Cowabunga, let’s eat salmon rilletes

Valentines Day was more fun when I was a kid. Decorated envelopes were created and hung from the front of your desk for Valentines to be dropped in like your own personal mailbox. If you were one of the cool kids, you had Teenage Mutant Ninja Turtle Valentines that said, “Cowabunga! I like you as much as pizza!” Or a Michael Jordan Valentines wishing you a slam dunk of a day. You chose the best conversation hearts for each person, and an especially “romantic” one for your crush. The day was filled with puppy love and sugar rushes, and it was all such an easier time.

These days I’m conflicted about Valentines Day. Not because I have spent many years, sans an adoring Valentine to swoon with flowers and chocolate, but because I’ve always felt like Valentines Day is a cop-out day where otherwise non-affectionate husbands or boyfriends can seem like Romeo because he remembered to buy you roses and a box of chocolates; or wives and girlfriends turn vixens for one night with a slinky lingerie purchase. Which brings me to my next point, the over-commercialism of the holiday, where we must spend, spend, spend to truly be in love.

And then there is that damn prix fixe menu. Like Bon Appetite’s food blogger, The Nitpicker, I too am sick of Valentine’s Day Prix Fixe menus – those uninspired and overpriced menus that you can’t avoid on this day. The words prix fixe send shivers up my spine. Having spent many years in the restaurant industry, I know all-to-well about how easy a prix fixe menu is to organize. Restaurants should be ashamed of themselves for putting together such lackluster menus with a hefty price tag because they can. I get it; the consumer is willing to pay it, so why not, right? But still, SHAME.

Prix fixe dinner nights are (mostly) a breeze for the kitchen staff; they cruise through the night like the guy who sounds the horn for goals in a hockey game, pushing buttons at all the right times, all-the-while, sitting back and enjoying the game. Sure the restaurant put “fancy” items on the menu to allure, like crab and lobster and truffles, but really, you could get a better meal and pay less any other night of the week. And yet, the consumer is willing to pull out their Visa for the whole shebang, with the added wine pairing at an outrageous $45 a piece.

Amber and I spent our first Valentines waiting for a UPS driver to deliver a couch to the apartment she just moved into. I don’t really remember what we ate or drank that night, to be honest, but I remember watching movies all day, curled up in a blanket on the living room floor. Our 2nd was spent at home as well; I was financially not well-equipped to go out to eat, so we made “fancy” chicken and waffles and drank champagne. This year, everywhere I looked I saw spruced-up V-Day menus. I tried to find a restaurant that was not conforming to the prix fixe ways and was unsuccessful. And all-the-better. Instead I’m crafting a “fancy” V-day menu of our own. On the menu: Salmon rillettes, chicory salad with roasted delicata, apple and goat cheese, New York strip steak with red wine sauce and roasted root vegetables, cheese plate and dessert TBD. Wine also TBD.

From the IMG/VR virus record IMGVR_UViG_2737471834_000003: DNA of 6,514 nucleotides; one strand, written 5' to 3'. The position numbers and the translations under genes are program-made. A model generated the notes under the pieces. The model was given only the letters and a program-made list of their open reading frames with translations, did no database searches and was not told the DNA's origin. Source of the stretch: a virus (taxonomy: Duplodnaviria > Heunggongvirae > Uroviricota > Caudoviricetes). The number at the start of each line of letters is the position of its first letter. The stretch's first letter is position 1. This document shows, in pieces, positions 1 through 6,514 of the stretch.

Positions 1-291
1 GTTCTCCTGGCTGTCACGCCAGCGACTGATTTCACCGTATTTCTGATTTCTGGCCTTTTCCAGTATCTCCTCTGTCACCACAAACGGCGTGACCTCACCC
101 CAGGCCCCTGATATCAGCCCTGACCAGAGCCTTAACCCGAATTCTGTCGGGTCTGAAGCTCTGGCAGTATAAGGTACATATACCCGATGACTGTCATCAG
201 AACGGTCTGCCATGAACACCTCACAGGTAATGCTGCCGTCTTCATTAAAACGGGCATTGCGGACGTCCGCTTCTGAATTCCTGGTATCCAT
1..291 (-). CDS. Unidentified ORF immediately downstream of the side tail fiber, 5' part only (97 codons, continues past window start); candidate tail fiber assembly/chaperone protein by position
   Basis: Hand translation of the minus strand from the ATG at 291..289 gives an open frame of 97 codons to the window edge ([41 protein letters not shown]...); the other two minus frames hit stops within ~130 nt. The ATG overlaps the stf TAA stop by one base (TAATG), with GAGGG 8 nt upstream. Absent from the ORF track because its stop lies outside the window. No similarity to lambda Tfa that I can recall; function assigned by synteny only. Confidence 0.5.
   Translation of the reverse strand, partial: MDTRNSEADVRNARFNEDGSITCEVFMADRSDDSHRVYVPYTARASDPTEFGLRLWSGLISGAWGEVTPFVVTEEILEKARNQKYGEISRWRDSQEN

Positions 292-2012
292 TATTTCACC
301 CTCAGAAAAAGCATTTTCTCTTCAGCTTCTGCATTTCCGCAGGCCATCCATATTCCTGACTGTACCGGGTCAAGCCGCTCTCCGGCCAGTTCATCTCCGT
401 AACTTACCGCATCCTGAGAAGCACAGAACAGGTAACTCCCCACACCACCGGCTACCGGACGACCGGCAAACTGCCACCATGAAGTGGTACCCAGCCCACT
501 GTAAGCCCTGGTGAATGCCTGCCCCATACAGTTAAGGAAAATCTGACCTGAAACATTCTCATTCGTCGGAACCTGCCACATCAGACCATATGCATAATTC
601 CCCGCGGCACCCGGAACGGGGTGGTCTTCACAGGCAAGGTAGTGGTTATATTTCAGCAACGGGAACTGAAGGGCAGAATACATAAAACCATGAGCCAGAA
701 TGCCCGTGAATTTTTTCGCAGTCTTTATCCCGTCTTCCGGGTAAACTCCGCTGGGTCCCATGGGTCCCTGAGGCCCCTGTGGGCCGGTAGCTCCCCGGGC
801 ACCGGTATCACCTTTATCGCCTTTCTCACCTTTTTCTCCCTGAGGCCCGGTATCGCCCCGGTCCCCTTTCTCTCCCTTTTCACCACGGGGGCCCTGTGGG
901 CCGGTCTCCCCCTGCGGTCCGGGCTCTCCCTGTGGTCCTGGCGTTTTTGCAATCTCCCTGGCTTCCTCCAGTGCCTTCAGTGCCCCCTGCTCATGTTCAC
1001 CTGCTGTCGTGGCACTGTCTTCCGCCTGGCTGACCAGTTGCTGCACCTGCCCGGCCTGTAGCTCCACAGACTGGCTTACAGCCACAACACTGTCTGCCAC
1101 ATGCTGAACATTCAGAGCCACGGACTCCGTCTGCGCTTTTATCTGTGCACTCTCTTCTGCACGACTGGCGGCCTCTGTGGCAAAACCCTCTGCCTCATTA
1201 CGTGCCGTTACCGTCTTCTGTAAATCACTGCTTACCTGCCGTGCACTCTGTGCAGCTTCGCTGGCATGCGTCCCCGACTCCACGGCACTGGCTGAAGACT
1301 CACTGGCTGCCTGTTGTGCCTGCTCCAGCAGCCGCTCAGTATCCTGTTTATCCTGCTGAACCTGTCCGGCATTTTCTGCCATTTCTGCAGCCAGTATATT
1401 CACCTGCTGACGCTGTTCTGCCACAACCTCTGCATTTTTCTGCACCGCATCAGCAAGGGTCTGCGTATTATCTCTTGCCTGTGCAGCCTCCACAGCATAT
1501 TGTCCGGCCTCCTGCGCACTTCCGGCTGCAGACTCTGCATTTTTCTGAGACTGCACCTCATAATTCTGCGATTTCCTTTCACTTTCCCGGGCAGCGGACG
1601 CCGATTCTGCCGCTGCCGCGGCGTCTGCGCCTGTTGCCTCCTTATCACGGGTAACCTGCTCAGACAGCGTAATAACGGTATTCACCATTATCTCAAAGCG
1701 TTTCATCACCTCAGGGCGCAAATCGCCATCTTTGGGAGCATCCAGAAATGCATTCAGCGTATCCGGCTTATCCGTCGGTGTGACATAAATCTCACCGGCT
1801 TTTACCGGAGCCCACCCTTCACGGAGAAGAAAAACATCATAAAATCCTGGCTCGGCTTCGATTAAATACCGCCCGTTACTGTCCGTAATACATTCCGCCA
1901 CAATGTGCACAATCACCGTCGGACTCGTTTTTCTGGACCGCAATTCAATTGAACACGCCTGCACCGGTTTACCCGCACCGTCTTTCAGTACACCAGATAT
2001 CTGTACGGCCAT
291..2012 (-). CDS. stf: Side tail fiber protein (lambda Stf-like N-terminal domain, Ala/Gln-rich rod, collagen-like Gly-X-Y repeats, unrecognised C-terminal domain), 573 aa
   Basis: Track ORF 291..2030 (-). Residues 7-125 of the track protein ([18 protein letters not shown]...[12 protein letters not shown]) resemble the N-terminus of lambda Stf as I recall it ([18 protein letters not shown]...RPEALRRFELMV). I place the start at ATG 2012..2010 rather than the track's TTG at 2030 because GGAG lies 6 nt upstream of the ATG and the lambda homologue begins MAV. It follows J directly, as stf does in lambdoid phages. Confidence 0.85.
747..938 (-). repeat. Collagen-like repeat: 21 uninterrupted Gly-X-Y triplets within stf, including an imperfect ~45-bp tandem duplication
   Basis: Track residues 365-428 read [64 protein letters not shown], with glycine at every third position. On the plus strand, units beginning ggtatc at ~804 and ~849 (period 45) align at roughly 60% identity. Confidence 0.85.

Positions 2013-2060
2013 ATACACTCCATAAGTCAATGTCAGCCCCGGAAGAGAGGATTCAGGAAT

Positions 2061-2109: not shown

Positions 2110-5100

Sounds pretty good, right? Would you spend $85 on this menu at your over-packed restaurant down the road? Well you don’t have to if you want to make it a special V-day dinner at home. Total cost: around $50. I would stuff my envelope full of Valentines for my efforts.

I made rillettes the night before so when we both came home after a long days work, Amber and I would have a delicious appetizer waiting for us while we made the quick (and easy) preparations for the rest of the meal. So for all the lovers out there, put this recipe in your back pocket, because it is sure to make your significant other swoon with delight any day of the week. And here’s hoping you get a Valentine with Alf holding a box of chocolates.
Salmon Rillettes

  • 1/2 leek, sliced thin
  • 1 teaspoon whole peppercorns
  • 1 bay leaf
  • 1 cup white wine
  • 2 cups water
  • 1 lemon, halved
  • 6 ounces fresh salmon
  • 3 ounces smoked salmon, chopped
  • 2 ounces crème fraîche (or sour cream or mayo)
  • 1 TBSP minced shallot
  • 2 TSP capers
  • 2 TBSP minced chives
  • 1 TBSP chopped dill
  • 1 TBSP lemon juice
  • salt and freshly ground black pepper
  • Sliced, toasted baguette for serving

In a shallow pot, add the leek, peppercorns, bay leaf, wine, water and lemon and bring to a boil. Simmer for 10 minutes to allow flavors to develop.

Then add the salmon and gently poach for 10 minutes or until opaque in the center.

Remove the salmon and allow to cool. Remove skin if there was any.

In a bowl, flake salmon and then mix with chopped smoked salmon, crème fraîche, chives, dill, capers, shallot, lemon juice and salt and pepper. Chill spread until ready to serve. Can be made over-night. Serve with toasted baguette rounds.


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